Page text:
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but if voters cared about experience, then george h. d. bush would have beaten bill clinton, ale gore -- i guess he did win the popular vote. bob deal would have won. so, i think that the notion that she is going to destroy him because she has experience and he just has this youthful energy, i don't buy that notion. so that's part of it. i think that rubio also -- it's going to be really hard to pin him as a donald trump kind of guy, partly because just -- in terms of his -- he embodies bio graphically the immigrant story, the -- he is a really eloquent communicator, compared to, say, mitt romney who just didn't have it. it was kind of easy to tag, to unfairly the war on women stuff, attribute that to him. much harder to get rubio -- to
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sort of rubio as an evil, many, old republican. interesting i think trump and rubio both run good campaigns again hillary in very different ways. i think trump would be the power pitcher who is brushing people back off the plate and to thing 100 miles-per-hour fast ball a little hillary. rubeover is the finesse pitcher who will be painting the corners and finessing it but they could both be effective against hillary. >> host: you're sanguine about republican chances for the white house. >> i am probably more optimistic than a lot ol' people are. my real concern about conservatism is more long term than short term and it's especially if donald trump becomes the standard bearer, the long-term damage that could do. sets back everything you would do to try to build a party or movement that could win the future. let's talk about hispanics are a classic example.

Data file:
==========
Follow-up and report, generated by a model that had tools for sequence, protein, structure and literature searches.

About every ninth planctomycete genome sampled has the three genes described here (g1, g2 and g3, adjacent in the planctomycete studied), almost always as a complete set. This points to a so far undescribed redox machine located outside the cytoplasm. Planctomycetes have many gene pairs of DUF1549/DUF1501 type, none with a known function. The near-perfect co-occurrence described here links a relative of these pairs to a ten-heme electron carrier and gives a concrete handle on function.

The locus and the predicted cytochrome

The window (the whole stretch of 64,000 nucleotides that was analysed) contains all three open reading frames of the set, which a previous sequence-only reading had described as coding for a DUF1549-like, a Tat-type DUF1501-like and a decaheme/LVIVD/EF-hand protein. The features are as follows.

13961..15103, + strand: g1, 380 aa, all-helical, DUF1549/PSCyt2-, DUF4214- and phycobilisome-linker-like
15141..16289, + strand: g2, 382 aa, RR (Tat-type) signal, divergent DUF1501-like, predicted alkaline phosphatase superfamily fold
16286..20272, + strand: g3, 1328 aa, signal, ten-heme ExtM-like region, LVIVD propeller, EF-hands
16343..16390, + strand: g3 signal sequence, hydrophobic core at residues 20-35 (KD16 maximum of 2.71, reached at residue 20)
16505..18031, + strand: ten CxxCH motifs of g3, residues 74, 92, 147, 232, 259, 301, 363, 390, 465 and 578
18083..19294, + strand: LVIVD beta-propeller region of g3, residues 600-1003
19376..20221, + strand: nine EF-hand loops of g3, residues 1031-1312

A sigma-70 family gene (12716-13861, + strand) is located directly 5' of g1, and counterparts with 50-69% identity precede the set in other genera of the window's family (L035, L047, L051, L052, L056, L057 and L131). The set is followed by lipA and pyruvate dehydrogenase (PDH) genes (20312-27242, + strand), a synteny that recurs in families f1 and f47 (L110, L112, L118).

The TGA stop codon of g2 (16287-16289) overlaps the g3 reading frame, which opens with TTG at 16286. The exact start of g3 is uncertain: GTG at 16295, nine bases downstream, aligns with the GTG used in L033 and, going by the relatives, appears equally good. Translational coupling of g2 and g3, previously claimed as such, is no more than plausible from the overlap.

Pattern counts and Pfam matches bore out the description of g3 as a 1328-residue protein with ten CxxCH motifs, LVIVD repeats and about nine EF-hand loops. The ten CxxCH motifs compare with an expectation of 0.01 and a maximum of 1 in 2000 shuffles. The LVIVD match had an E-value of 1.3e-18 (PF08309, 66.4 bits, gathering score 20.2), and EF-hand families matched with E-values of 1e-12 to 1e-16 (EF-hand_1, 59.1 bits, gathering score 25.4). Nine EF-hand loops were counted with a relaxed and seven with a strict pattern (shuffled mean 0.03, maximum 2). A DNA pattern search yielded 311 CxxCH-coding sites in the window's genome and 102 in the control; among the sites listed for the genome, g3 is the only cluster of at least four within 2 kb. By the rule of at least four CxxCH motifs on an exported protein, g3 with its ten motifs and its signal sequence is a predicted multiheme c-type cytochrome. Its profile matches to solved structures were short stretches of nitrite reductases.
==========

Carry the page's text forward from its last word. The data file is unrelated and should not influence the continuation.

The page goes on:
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in texas, in about 20 years, whites are going to constitute or anglos are going to constitute 38% of the elect forat, so the good news is that john cornyn, texas republican, won the hispanic vote as recently as 2014. proving it can be done. as long as runs don't go out of their -- republicans don't go out of their way to alienate hispanics. if you ever look at an electoral map the red states and pueblo states, republicans have a hard too much win thing electoral college and that whenow start oft with texas being a red state. what happens if texas is a purple state? game over. runs could still win house races and state legislatures but if texas becomes a swing state, if republicans can't just pencil that one in and if it goes with california and new york, it's game over, and we could be headed that way if wore not careful. >> host: you just brought up a really interesting point that we have done very well in mid-term